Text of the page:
markskibniewski 3 | 200
28 Sep 2010 #101
So it wasn't religion or social stigma it was the lady herself.

There is very little social or religious stigma associated with divorce today. Turn back the clock 50 years and there is a huge difference. I am not trying to say an unmarried couple can not have a successful relationship.. I just think it is much more difficult in todays social atmospere.

The answer I gave was based on the fact that we were in fact single. No strings attached. The fact we are married makes me strive to make it work even in the poor times.

People keep talking about about failed marriages. How many failed relationships have we all been in. I would venture to say there are a lot more failed relationships out there than marriages. Is this only because there is some economic deterance involved with getting divorced or is it people still try harder when they are married?
trener zolwia 1 | 939
28 Sep 2010 #102
People keep talking about about failed marriages. How many failed relationships have we all been in. I would venture to say there are a lot more failed relationships out there than marriages. Is this only because there is some economic deterance involved with getting divorced or is it people still try harder when they are married?

Excellent point. I feel this is a level of proof that actually being married acts as a deterrent to splitting up. To some degree anyway...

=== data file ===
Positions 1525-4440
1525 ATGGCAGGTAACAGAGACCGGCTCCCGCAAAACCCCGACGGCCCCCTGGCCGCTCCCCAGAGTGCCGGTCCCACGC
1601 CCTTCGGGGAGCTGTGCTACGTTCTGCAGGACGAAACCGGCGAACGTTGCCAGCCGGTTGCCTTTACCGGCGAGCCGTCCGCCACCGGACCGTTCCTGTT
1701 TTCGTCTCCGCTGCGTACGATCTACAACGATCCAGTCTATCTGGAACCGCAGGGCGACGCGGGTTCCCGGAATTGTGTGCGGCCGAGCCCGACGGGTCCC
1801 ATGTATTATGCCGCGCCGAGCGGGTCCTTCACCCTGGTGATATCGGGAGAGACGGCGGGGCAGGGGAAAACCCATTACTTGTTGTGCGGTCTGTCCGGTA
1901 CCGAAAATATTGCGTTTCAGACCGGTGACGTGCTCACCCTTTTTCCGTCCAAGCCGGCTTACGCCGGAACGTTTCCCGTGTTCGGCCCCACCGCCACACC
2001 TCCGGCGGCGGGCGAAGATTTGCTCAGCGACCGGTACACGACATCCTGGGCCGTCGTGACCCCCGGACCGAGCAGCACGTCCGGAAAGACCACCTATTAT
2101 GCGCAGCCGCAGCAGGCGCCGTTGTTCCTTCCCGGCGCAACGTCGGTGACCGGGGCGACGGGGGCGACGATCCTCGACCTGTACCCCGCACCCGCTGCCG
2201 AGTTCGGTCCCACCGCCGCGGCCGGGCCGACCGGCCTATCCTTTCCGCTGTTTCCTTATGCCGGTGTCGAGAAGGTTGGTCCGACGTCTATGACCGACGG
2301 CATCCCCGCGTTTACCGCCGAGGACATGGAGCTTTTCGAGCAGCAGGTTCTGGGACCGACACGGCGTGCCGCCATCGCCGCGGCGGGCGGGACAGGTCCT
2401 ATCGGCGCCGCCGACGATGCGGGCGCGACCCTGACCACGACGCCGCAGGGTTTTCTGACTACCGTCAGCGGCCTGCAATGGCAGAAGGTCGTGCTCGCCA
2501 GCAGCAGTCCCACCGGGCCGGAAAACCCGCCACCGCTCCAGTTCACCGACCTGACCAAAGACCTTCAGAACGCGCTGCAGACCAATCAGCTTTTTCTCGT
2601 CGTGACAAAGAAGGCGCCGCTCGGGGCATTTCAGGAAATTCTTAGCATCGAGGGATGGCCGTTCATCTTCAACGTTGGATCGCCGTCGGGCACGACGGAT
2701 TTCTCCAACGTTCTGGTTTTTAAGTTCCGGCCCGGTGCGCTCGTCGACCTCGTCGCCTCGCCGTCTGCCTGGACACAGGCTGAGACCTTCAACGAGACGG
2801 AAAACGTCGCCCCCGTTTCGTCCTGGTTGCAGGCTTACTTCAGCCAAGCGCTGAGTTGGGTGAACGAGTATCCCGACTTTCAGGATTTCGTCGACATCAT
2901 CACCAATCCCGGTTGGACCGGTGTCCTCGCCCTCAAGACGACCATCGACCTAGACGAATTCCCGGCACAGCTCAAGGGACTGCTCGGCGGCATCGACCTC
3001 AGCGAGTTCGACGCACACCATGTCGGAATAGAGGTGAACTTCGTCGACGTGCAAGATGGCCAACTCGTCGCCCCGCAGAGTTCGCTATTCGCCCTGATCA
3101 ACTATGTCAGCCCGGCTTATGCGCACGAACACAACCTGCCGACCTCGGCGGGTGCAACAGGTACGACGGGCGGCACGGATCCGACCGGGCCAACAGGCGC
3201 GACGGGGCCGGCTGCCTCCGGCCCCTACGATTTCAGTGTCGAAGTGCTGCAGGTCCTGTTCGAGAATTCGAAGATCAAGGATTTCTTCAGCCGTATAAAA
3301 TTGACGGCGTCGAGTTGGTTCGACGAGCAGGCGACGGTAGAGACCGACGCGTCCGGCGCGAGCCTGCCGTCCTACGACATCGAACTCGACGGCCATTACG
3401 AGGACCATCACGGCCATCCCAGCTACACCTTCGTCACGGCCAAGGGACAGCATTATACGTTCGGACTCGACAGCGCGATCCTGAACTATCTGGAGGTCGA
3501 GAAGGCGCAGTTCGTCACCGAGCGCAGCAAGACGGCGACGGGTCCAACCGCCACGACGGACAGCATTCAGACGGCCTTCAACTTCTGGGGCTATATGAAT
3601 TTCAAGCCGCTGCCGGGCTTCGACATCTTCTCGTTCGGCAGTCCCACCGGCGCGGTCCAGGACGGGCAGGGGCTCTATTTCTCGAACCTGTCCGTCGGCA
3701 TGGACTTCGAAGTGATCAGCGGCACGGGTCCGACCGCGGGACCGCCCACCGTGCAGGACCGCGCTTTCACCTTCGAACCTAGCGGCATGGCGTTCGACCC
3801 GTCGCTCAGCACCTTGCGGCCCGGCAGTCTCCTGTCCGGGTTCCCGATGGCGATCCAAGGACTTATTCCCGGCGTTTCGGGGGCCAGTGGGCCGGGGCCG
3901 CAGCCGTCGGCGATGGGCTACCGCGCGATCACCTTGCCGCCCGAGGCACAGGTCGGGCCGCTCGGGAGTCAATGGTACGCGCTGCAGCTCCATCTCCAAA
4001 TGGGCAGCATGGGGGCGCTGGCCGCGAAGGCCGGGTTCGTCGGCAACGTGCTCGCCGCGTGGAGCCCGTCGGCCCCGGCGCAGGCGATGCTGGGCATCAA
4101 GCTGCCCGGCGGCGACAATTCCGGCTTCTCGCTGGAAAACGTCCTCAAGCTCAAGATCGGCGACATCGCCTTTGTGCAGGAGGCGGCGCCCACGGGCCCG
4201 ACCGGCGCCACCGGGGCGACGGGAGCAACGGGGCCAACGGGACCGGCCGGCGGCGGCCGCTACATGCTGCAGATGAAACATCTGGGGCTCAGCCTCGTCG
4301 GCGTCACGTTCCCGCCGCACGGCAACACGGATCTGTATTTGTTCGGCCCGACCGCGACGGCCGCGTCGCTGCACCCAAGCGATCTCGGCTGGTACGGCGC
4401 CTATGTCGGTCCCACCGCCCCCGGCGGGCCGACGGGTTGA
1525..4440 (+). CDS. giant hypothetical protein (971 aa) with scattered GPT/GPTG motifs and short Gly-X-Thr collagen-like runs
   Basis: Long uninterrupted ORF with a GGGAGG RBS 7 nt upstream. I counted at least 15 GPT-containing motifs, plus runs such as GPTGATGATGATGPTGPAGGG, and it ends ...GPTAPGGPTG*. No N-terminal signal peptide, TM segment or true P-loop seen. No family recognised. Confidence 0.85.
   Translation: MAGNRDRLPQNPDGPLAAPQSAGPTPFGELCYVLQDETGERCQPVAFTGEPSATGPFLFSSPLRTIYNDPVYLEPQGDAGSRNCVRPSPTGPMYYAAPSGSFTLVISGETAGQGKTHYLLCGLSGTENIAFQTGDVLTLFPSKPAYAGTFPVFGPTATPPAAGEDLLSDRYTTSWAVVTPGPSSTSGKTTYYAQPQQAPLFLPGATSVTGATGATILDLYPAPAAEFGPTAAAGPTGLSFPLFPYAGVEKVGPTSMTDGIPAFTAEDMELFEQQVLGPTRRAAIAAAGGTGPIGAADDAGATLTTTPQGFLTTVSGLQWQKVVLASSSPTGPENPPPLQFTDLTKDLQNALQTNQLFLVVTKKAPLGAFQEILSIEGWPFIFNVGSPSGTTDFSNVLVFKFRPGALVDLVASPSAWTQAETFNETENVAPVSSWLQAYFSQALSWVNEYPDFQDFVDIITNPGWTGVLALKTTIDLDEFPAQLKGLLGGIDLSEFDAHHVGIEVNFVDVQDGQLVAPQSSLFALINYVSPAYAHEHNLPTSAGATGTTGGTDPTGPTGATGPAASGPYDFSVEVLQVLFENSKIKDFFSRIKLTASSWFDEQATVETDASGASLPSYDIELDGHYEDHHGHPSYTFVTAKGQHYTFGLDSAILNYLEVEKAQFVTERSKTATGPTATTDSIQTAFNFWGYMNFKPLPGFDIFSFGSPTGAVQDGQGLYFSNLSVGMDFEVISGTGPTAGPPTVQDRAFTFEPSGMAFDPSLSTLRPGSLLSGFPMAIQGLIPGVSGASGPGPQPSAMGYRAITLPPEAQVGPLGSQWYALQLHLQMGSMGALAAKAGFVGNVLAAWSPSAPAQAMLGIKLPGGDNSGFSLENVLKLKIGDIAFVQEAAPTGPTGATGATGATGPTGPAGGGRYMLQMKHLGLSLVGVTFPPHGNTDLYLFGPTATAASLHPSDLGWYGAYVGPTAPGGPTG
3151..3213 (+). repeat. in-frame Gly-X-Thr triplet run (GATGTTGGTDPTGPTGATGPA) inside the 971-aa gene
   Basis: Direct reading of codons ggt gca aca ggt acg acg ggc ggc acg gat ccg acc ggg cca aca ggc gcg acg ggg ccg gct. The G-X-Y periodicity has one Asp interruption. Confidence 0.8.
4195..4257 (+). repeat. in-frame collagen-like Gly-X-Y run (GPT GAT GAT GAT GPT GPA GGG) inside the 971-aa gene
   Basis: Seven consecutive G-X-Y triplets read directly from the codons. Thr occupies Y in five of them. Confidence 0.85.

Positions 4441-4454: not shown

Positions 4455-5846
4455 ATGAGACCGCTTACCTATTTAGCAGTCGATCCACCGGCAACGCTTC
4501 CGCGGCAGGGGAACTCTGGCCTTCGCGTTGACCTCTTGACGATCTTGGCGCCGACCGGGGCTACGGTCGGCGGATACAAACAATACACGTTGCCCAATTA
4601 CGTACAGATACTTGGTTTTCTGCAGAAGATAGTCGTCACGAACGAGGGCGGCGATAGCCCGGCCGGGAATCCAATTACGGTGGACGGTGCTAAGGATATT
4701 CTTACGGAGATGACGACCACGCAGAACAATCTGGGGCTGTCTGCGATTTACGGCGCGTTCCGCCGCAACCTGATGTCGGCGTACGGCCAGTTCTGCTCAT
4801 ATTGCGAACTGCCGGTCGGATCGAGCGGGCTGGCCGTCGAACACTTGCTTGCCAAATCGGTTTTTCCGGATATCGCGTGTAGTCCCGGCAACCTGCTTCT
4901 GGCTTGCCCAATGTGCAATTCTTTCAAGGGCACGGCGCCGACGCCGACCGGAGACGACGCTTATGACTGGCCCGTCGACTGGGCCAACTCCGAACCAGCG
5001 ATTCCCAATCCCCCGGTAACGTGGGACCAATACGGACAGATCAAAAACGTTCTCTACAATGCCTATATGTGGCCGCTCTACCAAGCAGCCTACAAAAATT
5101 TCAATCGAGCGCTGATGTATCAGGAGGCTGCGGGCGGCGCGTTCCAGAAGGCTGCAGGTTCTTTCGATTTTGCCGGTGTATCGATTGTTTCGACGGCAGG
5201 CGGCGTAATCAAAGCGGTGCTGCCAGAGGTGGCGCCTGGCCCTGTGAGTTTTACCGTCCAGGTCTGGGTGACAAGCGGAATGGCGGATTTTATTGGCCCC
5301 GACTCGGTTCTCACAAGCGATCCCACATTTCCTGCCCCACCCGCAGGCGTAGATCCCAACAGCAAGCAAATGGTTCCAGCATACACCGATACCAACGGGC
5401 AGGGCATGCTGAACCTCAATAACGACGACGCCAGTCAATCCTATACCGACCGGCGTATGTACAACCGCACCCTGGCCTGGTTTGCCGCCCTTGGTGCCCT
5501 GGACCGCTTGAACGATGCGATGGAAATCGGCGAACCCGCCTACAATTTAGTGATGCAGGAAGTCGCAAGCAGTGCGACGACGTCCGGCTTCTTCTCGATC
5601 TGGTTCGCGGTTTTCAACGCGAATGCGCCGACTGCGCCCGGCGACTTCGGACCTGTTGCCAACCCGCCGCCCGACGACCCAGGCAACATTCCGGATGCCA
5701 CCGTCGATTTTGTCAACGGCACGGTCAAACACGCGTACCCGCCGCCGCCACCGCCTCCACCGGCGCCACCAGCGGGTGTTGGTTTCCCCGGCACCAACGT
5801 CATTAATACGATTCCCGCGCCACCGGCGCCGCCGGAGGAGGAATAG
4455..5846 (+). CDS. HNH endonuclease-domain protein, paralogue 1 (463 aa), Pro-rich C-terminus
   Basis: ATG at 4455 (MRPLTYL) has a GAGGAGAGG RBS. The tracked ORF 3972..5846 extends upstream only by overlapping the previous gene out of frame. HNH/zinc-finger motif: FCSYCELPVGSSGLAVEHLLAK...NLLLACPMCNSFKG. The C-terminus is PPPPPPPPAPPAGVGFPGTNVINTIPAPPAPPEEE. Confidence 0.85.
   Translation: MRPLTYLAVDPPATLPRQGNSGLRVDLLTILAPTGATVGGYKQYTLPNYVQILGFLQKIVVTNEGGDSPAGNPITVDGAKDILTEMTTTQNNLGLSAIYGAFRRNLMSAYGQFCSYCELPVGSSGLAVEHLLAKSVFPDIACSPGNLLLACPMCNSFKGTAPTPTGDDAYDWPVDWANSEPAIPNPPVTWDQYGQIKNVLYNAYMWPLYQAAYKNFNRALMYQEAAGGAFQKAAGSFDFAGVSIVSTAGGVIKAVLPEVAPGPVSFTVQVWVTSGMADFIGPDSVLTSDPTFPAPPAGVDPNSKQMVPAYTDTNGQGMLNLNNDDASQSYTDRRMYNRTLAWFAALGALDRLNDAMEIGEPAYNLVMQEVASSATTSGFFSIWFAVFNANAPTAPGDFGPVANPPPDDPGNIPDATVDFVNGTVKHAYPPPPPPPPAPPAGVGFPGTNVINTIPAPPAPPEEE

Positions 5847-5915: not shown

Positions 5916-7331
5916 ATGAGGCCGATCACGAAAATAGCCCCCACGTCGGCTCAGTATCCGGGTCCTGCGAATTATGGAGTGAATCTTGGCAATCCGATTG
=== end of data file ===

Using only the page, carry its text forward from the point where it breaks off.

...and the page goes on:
markskibniewski 3 | 200
28 Sep 2010 #103
Dunno, I guess I'd rather just be happy in life. It's working out pretty well so far.

Being married does not have to equate with being miserable. Congrats to both you and your partner. It is a pleasure to see another couple able to handle the pressures of anothers company for a long time married or unmarried.
SeanBM 35 | 5,808
28 Sep 2010 #104
There is very little social or religious stigma associated with divorce today. Turn back the clock 50 years and there is a huge difference.

This really depends on where you are from.
I am from Ireland and divorce has only been legal since 1995 and that did not change the psyche of the people overnight.

were in fact single. No strings attached. The fact we are married makes me strive to make it work even in the poor times.

I'd go with that.

Is this only because there is some economic deterance involved with getting divorced or is it people still try harder when they are married?

I would think that it is people try harder to make it work.

An important aspect of marriage and divorce is to look at why people get a divorce.

I am a monogamist by default, I think most people aren't and infidelity, is one of the major reasons people get divorced. Anther reason is because of financial difficulties.

markskibniewski:
Duty and self sacrifice is an integral part of a succesful marriage.

Agreed. They're necessary - but not sufficient. I see too many cases where duty is the sole justification for a marriage to continue, and that's unacceptable in modern times.


If you are talking about, a young couple marrying only because they are going to have a baby, then I agree. Duty is not always enough.
Trevek 26 | 1,702
28 Sep 2010 #105